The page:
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Tight muscles? Please don’t stretch!

Updated: Jun 23, 2020

We have already talked about muscle tone and spasticity, and in this post we are covering a controversial topic: stretching!

Most likely you have been told by your doctors and therapists that you have to stretch your child’s tight muscles daily to keep them in a functional range of motion. 15 years ago I would have advised the same*, but today I confidently say 


Why so confidently? Because before knowing about fascia, I was also stretching tight muscles, and the battle was hard!  That is the main reason why I switched to this fascia approach. It was frustrating to see the kids super tight after stopping or missing some stretching sessions. PLUS, I have witnessed long lasting results when we focus on fascia instead.

When we “stretch” your child’s muscles we might weaken your child’s fascial system.  We know the muscles are embedded in the fascial system and the way they “connect” to the bone is through the continuity of the matrix of connective tissue but we also know that in spasticity, the mechanical properties of the connective tissue matrix are inferior. This means the fascia is weaker, as we discussed in our previous post, Fascia and your child with cerebral palsy. So when we passively “stretch” as we were taught to, like straighten the knee to stretch the hamstrings or flexing the feet to stretch the heel cord, the range we are getting is probably coming from elongating the tissues beyond their physiological range to the point where they lose their ability to return to the elastic property.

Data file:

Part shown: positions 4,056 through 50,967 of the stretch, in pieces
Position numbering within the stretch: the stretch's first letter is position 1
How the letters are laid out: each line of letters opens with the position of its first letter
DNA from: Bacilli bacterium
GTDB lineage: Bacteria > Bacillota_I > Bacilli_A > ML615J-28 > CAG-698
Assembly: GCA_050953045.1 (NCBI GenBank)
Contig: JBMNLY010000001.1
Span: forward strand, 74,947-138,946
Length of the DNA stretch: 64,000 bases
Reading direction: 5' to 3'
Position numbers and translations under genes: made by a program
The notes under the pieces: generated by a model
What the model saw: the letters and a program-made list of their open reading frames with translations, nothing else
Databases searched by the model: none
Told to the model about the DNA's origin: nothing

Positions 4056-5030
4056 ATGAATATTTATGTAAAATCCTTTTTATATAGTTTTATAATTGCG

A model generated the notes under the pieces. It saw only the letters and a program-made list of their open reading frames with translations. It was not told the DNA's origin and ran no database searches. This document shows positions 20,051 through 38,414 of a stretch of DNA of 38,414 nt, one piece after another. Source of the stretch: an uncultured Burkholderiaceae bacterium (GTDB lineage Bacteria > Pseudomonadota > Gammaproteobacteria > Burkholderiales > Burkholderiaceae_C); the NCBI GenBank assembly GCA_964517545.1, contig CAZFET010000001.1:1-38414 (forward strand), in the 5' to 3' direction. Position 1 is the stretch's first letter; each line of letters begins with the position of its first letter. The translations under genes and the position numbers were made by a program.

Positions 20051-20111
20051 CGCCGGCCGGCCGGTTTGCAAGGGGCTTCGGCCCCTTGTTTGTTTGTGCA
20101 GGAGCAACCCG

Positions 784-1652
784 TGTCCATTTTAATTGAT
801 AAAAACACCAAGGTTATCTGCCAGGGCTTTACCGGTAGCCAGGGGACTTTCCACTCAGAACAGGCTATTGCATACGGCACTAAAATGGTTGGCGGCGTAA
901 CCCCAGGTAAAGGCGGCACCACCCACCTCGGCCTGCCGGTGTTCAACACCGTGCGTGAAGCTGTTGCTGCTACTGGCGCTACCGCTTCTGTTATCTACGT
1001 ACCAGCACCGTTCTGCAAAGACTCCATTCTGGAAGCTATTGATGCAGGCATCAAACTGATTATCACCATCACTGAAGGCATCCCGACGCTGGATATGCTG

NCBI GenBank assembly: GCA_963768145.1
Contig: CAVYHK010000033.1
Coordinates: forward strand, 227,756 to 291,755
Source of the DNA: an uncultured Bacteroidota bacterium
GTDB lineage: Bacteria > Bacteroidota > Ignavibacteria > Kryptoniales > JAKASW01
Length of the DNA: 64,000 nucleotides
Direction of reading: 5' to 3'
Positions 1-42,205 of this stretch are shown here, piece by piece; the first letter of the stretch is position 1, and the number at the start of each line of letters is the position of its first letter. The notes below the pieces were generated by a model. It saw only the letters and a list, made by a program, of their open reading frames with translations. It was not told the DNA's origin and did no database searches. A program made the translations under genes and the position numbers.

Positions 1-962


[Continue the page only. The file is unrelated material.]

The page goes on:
Listen to John Sharkey, one of the pioneers in biotensegrity explaining this concept and what happens when we stretch the living tissue beyond the physiological range.

*As a pediatric physical therapist I used to follow the classic biomechanical model, and I was very enthusiastic when combining my therapeutic skills with surgery and spasticity management like botulinum toxin, alcohol blockage and other resources doctors would offer.

WeFlow´s tip for you!

You can use a soft DIY fascia roller to work on your child’s fascia and keep the fluids moving. We have a free tutorial on how to build the roller, how to use it and where to help relax tight muscles. Access the free tutorial here

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